Starvation and Famines
Famines imply starvation, but not vice versa. And starvation implies poverty, but not vice versa. The time has come for us to move from the general terrain of poverty to the disastrous phenomenon of famines.
Poverty, as was discussed in Chapter 2, can reflect relative deprivation as opposed to absolute dispossession. It is possible for poverty to exist, and be regarded as acute, even when no serious starvation occurs. Starvation, on the other hand, does imply poverty, since the absolute dispossession that characterizes starvation is more than sufficient to be diagnosed as poverty, no matter what story emerges from the view of relative deprivation.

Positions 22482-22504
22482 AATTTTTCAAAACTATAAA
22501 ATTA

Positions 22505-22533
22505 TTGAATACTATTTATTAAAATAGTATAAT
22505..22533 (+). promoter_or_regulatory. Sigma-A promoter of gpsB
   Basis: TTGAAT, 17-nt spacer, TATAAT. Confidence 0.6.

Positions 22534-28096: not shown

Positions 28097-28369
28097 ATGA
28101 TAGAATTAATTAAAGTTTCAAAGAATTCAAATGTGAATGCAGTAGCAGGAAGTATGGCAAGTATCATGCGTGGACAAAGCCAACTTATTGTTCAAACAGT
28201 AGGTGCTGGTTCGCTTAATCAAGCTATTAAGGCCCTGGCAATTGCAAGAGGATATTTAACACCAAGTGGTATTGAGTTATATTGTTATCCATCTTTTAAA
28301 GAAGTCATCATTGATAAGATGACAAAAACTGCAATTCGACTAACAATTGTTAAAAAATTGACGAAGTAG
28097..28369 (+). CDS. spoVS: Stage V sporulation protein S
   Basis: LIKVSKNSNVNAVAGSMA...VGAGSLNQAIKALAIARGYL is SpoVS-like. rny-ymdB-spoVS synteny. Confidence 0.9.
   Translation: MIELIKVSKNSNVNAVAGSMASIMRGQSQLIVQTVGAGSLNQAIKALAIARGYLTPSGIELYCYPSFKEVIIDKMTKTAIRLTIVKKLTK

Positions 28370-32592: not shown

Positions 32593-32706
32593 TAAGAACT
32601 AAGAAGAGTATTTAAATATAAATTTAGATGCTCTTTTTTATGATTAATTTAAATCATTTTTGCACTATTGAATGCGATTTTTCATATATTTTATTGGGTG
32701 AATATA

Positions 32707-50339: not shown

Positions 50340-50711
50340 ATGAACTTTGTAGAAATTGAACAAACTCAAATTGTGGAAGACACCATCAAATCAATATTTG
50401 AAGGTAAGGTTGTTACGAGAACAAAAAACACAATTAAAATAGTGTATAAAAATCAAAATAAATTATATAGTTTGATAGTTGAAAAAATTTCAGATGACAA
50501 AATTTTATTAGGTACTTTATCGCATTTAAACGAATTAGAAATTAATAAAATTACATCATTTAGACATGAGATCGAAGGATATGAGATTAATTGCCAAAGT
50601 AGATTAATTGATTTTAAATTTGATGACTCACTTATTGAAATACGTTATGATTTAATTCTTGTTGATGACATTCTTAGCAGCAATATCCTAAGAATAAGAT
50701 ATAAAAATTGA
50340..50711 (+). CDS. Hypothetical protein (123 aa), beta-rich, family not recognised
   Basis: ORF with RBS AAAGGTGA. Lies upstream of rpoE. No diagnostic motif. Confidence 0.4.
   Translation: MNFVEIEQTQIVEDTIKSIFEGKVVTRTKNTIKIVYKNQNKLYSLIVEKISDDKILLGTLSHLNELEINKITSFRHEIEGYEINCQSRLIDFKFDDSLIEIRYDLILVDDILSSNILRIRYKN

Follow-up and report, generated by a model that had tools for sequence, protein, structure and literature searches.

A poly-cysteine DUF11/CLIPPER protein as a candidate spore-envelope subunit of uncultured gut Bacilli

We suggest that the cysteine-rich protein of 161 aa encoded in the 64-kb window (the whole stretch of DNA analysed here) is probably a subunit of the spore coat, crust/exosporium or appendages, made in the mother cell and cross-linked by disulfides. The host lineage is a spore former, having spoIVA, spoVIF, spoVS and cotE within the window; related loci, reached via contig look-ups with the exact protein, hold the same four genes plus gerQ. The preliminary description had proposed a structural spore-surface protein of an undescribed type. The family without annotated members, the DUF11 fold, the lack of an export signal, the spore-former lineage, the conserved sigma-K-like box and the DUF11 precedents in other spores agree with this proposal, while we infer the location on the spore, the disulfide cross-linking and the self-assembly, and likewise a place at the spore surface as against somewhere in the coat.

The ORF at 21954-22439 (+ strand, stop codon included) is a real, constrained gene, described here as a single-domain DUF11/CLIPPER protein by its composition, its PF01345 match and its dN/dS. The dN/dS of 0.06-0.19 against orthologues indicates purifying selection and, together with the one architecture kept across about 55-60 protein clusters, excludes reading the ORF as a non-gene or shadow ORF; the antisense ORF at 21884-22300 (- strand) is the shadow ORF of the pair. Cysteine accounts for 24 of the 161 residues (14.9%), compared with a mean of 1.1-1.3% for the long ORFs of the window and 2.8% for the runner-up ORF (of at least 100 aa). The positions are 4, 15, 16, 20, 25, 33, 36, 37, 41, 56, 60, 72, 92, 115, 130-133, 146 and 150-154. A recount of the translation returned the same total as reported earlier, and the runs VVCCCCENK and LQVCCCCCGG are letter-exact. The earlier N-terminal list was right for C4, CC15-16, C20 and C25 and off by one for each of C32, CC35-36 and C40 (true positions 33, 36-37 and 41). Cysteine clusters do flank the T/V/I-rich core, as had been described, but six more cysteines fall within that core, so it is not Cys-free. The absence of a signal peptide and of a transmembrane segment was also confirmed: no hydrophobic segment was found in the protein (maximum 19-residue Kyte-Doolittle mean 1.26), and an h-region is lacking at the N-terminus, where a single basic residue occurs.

Starvation is a normal feature in many parts of the world, but this phenomenon of 'regular' starvation has to be distinguished from violent outbursts of famines. It isn't just regular starvation that one sees in 436 BC, when thousands of starving Romans 'threw themselves into the Tiber'; or in Kashmir in AD 918, when 'one could scarcely see the water of Vitasta [ Jhelum] entirely covered as the river was with corpses'; or in 1333-7 in China, when -- we are told -- four million people died in one region only; or in 1770 in India, when the best estimates point to ten million deaths; or in 1845-51 in Ireland, when the potato famine killed about one-fifth of the total Irish population and led to the emigration of a comparable number.1 While there is quite a literature on how to 'define' famines,2 one can very often____________________